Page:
In this chapter,
We saw several feature detectors and many of them are really good. But when looking from a real-time application point of view, they are not fast enough. One best example would be SLAM (Simultaneous Localization and Mapping) mobile robot which have limited computational resources.
As a solution to this, FAST (Features from Accelerated Segment Test) algorithm was proposed by Edward Rosten and Tom Drummond in their paper “Machine learning for high-speed corner detection” in 2006 (Later revised it in 2010). A basic summary of the algorithm is presented below. Refer original paper for more details (All the images are taken from original paper).
in the image which is to be identified as an interest point or not. Let its intensity be
is a corner if there exists a set of
contiguous pixels in the circle (of 16 pixels) which are all brighter than
, or all darker than
. (Shown as white dash lines in the above image).
was chosen to be 12.
is a corner, then at least three of these must all be brighter than
or darker than
. If neither of these is the case, then
cannot be a corner. The full segment test criterion can then be applied to the passed candidates by examining all pixels in the circle. This detector in itself exhibits high performance, but there are several weaknesses:
First 3 points are addressed with a machine learning approach. Last one is addressed using non-maximal suppression.
) in these 16 pixels can have one of the following three states:
is subdivided into 3 subsets,
, which is true if
is a corner and false otherwise.
for the knowledge about the true class. It selects the
which yields the most information about whether the candidate pixel is a corner, measured by the entropy of
Detecting multiple interest points in adjacent locations is another problem. It is solved by using Non-maximum Suppression.
for all the detected feature points.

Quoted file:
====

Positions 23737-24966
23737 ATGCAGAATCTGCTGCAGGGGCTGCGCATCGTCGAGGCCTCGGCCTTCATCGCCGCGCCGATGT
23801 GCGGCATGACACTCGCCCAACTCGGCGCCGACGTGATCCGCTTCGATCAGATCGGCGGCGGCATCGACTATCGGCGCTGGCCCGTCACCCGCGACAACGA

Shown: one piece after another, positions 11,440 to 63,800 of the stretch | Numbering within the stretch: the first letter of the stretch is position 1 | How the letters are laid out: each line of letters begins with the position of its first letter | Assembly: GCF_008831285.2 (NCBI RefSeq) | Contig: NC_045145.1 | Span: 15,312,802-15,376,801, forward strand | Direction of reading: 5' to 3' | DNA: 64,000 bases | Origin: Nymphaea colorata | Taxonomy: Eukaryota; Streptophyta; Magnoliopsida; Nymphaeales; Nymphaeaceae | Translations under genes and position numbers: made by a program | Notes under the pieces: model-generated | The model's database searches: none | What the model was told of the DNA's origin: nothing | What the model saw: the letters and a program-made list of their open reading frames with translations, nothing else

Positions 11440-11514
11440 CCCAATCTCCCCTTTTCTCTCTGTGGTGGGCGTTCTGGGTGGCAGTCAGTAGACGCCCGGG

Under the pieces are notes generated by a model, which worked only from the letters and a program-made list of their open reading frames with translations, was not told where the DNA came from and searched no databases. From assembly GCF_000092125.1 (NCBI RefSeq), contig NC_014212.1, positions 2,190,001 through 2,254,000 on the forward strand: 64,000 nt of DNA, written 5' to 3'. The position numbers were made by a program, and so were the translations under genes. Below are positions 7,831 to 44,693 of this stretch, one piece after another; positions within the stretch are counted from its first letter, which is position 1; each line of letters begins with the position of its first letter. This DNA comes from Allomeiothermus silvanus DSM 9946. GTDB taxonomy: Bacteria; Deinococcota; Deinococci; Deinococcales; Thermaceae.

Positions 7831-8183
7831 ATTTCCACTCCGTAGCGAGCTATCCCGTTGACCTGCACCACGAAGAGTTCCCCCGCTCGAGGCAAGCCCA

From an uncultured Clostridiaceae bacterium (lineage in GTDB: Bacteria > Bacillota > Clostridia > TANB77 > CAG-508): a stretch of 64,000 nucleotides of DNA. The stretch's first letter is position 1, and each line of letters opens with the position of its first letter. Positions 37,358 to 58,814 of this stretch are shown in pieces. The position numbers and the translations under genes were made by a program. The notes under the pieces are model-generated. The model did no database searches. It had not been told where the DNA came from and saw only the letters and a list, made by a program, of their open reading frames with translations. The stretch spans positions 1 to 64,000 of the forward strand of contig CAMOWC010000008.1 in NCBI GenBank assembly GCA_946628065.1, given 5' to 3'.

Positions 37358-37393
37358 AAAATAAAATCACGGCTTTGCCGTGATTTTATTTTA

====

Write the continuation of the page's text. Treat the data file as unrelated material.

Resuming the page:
is the sum of absolute difference between
and 16 surrounding pixels values.
It is several times faster than other existing corner detectors.
But it is not robust to high levels of noise. It is dependant on a threshold.
It is called as any other feature detector in OpenCV. If you want, you can specify the threshold, whether non-maximum suppression to be applied or not, the neighborhood to be used etc.
For the neighborhood, three flags are defined,
cv2.FAST_FEATURE_DETECTOR_TYPE_9_16. Below is a simple code on how to detect and draw the FAST feature points.
import numpy as np import cv2 from matplotlib import pyplot as plt img = cv2.imread('simple.jpg',0) # Initiate FAST object with default values fast = cv2.FastFeatureDetector() # find and draw the keypoints kp = fast.detect(img,None) img2 = cv2.drawKeypoints(img, kp, color=(255,0,0)) # Print all default params print "Threshold: ", fast.getInt('threshold') print "nonmaxSuppression: ", fast.getBool('nonmaxSuppression') print "neighborhood: ", fast.getInt('type') print "Total Keypoints with nonmaxSuppression: ", len(kp) cv2.imwrite('fast_true.png',img2) # Disable nonmaxSuppression fast.setBool('nonmaxSuppression',0) kp = fast.detect(img,None) print "Total Keypoints without nonmaxSuppression: ", len(kp) img3 = cv2.drawKeypoints(img, kp, color=(255,0,0)) cv2.imwrite('fast_false.png',img3)
See the results. First image shows FAST with nonmaxSuppression and second one without nonmaxSuppression: